Baltimore waterfront

Baltimore Washington International Airport (BWI)

A word that sums up Baltimore pretty well is “idiosyncratic.” An old saying goes it’s the “northernmost Southern city and the southernmost Northern city.” And any place that’s the setting for both television shows The Wire and Ace of Cakes isn’t going to be easy to pigeonhole. But one thing’s certain: this is a harbor city, and the harbor should be your focus if you’re visiting Baltimore for the first time.

One of the oldest seaports in America (it dates back to the 1600's), Baltimore’s Inner Harbor offers a wide variety of cultural, entertainment and dining opportunities. Visit the National Aquarium, home to over 16,000 species of aquatic life. Tour Fort McHenry, credited with repelling a British assault in 1812 and inspiring Francis Scott Key to write “The Star Spangled Banner.” And just a few blocks away, you can try your hand at "bird watching" with Baltimore’s two beloved pro sports teams — the Ravens and the Orioles.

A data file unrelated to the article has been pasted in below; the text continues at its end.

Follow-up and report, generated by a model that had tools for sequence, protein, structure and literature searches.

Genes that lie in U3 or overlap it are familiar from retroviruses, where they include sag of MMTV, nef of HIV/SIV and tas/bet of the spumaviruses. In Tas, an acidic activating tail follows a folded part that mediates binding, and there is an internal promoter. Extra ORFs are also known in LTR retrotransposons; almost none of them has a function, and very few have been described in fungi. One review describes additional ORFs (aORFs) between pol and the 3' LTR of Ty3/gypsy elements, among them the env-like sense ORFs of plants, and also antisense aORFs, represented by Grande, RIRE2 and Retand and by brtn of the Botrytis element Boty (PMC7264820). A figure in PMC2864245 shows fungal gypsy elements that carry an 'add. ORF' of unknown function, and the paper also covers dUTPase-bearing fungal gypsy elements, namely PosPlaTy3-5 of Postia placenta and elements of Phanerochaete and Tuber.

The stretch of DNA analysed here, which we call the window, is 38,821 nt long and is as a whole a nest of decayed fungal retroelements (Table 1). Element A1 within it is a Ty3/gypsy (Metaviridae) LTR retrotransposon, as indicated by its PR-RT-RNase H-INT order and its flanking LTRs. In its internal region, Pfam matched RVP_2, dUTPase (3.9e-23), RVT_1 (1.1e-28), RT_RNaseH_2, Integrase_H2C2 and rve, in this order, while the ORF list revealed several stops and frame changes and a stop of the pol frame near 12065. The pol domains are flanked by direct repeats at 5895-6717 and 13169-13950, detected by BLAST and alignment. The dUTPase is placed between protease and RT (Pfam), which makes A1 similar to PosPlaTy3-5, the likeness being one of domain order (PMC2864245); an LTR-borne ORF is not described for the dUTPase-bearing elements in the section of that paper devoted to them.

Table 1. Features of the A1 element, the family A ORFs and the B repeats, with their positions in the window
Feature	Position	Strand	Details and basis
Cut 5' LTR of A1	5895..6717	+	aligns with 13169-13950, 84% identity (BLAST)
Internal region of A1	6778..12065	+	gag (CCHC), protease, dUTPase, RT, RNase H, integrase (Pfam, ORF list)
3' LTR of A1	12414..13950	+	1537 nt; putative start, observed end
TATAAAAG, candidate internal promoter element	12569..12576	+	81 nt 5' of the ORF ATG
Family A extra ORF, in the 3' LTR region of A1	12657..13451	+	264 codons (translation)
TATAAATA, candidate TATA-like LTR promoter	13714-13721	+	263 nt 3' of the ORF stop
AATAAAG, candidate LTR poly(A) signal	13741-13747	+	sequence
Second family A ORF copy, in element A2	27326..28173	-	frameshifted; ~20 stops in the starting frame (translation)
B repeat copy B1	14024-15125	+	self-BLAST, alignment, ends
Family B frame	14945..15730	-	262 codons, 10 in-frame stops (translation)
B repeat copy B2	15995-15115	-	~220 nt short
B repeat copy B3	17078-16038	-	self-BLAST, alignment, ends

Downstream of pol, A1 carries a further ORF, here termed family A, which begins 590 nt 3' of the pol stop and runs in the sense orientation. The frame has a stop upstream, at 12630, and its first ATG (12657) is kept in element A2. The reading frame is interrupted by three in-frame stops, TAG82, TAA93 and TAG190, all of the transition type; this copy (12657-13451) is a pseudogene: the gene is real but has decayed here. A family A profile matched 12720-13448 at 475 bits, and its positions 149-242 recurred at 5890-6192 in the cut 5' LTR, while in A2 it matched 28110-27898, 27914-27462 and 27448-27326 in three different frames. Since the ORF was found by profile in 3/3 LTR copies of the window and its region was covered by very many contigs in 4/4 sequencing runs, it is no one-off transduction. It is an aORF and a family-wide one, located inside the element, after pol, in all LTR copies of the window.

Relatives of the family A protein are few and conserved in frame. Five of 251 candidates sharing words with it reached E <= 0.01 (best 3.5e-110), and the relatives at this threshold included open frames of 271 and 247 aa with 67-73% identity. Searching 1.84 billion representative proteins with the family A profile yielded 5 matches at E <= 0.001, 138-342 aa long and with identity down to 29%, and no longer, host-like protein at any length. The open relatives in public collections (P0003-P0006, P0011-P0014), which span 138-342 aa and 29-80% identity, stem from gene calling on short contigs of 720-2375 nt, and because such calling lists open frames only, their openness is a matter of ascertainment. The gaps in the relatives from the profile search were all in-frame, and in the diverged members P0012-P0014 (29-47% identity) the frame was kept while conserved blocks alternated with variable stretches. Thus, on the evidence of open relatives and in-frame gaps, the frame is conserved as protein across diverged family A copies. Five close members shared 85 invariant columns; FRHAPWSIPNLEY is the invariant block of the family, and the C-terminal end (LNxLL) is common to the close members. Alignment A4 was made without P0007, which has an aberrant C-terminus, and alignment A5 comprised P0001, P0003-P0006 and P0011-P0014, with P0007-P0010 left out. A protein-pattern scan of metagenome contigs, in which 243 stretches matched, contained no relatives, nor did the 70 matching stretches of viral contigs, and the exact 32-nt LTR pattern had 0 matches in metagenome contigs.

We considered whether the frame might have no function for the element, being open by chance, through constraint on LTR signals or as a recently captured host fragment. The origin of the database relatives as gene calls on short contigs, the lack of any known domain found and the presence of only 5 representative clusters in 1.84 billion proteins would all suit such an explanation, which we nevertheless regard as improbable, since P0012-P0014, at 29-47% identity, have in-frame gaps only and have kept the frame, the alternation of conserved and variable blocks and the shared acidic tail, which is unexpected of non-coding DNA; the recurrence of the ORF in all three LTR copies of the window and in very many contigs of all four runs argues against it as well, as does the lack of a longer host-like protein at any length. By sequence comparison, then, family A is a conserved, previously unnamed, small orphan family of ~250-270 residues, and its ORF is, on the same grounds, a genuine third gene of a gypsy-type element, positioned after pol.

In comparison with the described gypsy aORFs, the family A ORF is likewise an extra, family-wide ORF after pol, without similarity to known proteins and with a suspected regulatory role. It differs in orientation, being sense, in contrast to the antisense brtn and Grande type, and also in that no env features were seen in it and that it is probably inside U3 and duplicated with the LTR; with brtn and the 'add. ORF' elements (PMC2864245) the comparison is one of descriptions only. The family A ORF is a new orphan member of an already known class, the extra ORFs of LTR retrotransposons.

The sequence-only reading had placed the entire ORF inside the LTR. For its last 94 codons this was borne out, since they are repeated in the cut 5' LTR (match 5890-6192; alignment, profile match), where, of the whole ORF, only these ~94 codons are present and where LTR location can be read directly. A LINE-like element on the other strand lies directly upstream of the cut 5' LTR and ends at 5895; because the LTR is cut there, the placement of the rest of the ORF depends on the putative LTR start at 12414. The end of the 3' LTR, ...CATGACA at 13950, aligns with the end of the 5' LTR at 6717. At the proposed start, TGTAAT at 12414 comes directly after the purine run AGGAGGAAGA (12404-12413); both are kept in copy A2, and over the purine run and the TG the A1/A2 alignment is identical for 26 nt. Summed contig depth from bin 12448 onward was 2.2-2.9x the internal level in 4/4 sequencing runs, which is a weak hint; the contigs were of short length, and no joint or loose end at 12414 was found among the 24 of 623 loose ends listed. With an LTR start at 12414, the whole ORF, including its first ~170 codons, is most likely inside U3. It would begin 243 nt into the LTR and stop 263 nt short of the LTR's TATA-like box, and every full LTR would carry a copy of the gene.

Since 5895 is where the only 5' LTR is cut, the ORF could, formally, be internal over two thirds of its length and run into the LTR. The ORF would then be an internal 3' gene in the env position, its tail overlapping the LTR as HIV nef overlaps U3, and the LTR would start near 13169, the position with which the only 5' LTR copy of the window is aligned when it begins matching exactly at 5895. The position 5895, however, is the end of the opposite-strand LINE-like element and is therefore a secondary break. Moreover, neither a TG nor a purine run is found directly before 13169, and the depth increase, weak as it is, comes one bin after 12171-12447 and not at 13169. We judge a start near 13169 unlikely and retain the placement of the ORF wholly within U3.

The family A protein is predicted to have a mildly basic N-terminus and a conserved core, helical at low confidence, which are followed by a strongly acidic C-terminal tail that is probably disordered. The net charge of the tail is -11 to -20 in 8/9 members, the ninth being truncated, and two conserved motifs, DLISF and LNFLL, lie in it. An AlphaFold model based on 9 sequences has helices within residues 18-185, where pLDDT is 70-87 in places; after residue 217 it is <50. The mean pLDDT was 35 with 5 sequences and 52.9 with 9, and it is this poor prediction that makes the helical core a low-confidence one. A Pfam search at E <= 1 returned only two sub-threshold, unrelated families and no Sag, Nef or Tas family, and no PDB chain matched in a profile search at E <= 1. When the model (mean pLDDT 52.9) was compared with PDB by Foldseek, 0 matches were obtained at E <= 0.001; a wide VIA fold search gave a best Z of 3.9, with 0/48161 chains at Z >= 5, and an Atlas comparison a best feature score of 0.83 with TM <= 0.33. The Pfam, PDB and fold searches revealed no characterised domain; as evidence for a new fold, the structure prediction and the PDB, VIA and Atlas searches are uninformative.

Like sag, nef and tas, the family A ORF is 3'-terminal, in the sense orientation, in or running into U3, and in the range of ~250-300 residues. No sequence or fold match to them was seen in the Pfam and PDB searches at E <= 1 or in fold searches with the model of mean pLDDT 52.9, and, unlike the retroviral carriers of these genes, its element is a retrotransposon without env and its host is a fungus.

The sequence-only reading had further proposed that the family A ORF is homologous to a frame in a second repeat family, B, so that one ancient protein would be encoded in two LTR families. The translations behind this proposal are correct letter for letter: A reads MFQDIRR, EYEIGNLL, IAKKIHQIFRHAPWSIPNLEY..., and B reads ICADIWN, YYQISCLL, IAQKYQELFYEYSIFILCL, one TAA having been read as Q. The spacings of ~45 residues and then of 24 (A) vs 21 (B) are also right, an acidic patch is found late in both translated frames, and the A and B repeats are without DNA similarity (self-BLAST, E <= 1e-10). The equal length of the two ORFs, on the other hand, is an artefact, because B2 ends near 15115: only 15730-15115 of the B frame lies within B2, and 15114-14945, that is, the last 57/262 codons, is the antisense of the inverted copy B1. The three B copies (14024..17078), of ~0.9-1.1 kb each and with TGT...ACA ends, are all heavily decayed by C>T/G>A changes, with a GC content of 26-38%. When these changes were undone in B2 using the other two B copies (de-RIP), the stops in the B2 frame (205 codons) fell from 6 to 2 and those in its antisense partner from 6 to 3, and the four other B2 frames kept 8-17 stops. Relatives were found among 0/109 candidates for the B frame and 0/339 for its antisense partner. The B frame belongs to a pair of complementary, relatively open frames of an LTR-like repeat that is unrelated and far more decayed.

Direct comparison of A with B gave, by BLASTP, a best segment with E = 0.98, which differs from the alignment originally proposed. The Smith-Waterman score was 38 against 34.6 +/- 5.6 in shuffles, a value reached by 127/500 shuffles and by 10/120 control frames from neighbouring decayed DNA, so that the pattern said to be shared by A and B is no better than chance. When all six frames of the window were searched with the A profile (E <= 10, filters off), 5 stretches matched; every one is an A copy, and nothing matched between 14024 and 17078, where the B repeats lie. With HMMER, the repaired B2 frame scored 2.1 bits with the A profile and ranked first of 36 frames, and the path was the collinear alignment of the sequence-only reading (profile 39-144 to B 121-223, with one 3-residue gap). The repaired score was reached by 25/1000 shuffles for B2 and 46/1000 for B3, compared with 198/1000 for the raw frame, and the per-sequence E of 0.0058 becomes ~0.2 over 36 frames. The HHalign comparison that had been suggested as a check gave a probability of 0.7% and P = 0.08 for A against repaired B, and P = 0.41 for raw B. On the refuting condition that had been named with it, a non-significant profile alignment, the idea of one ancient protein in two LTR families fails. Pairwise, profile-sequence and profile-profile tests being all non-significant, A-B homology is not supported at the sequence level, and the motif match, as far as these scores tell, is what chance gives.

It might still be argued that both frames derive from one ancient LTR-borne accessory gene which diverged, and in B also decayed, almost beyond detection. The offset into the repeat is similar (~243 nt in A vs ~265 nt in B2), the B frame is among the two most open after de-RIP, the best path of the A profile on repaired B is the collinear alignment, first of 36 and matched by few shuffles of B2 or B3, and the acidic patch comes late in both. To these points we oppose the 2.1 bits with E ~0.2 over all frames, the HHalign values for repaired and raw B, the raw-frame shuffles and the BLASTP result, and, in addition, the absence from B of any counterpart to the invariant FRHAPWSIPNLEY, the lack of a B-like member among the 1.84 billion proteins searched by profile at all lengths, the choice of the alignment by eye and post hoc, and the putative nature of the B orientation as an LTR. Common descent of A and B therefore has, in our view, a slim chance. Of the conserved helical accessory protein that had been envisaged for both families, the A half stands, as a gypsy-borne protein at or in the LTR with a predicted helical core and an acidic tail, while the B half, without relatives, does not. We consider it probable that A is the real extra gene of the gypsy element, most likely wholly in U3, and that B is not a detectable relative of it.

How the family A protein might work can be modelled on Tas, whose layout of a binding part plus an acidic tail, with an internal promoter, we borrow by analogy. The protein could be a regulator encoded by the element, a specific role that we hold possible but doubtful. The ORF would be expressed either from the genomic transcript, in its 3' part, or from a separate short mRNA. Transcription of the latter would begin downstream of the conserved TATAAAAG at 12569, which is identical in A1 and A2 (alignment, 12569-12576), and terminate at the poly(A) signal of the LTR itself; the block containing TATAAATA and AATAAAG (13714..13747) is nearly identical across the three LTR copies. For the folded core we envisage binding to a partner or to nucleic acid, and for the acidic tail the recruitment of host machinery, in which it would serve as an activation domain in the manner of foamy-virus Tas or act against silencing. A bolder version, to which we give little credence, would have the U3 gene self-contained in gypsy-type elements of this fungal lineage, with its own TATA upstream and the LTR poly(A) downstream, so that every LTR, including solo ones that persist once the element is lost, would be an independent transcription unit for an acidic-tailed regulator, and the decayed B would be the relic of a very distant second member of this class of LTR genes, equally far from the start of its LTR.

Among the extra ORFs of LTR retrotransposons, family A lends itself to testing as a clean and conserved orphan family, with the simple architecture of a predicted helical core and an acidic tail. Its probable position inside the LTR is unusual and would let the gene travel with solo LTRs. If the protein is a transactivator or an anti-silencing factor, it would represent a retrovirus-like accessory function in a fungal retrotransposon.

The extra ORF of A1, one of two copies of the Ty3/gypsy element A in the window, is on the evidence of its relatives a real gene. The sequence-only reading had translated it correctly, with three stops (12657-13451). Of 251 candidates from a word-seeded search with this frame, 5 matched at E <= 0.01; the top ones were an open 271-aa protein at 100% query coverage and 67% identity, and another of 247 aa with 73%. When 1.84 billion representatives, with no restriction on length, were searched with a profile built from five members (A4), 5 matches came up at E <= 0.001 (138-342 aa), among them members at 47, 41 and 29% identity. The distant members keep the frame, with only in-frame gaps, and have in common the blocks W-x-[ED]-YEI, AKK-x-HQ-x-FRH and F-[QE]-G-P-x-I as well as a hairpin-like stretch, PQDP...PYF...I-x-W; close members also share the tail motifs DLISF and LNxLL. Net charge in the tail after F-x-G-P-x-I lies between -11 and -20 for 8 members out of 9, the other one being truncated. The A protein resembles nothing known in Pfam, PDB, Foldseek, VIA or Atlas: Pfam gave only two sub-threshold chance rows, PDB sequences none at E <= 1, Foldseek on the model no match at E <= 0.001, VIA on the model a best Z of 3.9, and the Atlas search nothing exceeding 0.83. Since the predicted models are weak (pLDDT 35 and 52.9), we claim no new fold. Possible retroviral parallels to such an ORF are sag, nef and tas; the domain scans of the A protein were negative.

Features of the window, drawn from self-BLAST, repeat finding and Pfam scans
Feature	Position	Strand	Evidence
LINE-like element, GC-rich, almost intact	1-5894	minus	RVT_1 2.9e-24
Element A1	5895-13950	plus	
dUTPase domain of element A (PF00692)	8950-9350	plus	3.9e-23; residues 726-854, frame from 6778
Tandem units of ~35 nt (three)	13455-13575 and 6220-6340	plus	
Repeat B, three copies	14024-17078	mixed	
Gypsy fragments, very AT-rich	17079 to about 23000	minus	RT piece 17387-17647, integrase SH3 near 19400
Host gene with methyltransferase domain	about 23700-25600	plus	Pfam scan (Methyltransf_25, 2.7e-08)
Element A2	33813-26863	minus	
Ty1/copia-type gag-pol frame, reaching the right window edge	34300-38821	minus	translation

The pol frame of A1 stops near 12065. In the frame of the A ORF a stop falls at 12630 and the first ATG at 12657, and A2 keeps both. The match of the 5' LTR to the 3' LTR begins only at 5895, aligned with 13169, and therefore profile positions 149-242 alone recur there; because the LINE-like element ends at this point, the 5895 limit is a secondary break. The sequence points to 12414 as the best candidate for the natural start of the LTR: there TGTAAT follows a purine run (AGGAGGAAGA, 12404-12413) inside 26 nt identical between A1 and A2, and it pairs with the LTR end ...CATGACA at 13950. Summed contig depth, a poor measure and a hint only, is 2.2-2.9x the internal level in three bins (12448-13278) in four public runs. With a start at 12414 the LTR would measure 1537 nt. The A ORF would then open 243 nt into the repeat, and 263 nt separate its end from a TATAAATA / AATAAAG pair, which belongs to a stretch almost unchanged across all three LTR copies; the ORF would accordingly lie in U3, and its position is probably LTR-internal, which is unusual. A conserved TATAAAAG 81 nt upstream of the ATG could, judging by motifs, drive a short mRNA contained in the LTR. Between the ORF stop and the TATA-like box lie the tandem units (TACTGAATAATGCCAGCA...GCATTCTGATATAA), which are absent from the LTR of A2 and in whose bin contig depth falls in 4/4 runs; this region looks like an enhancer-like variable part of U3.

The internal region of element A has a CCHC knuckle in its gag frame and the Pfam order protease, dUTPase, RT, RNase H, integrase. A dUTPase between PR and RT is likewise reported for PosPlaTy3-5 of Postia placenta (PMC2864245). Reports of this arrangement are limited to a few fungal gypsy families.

A Healthy Dose of Gothic

There’s a definite dark streak running through this town. It is here that John Wilkes Booth made his stage debut, recruited co-conspirators to kidnap Lincoln and ultimately was buried. History buffs can visit his grave at Green Mount Cemetery, ironically also the final resting place of Johns Hopkins and many other upstanding Baltimoreans. But it’s Edgar Allan Poe, whose death in 1849 is still shrouded in mystery, who seems to haunt this city like a ghost in one of his gothic yarns. Bibliophiles will love the Edgar Allan Poe House and Museum.

When it comes to food, don’t overthink it: B’more’s the place to savor the bay’s bountiful seafood, and the blue crab legs and crab cakes mustn’t be missed. Faidley Seafood, Koko's Pub and Mama's on the Half Shell draw local shellfish aficionados in droves, but all you have to do is throw a stone to hit a rock-solid seafood restaurant around here.

Hungry for more seafood served up with history? You might also want to explore Seattle or Philadelphia.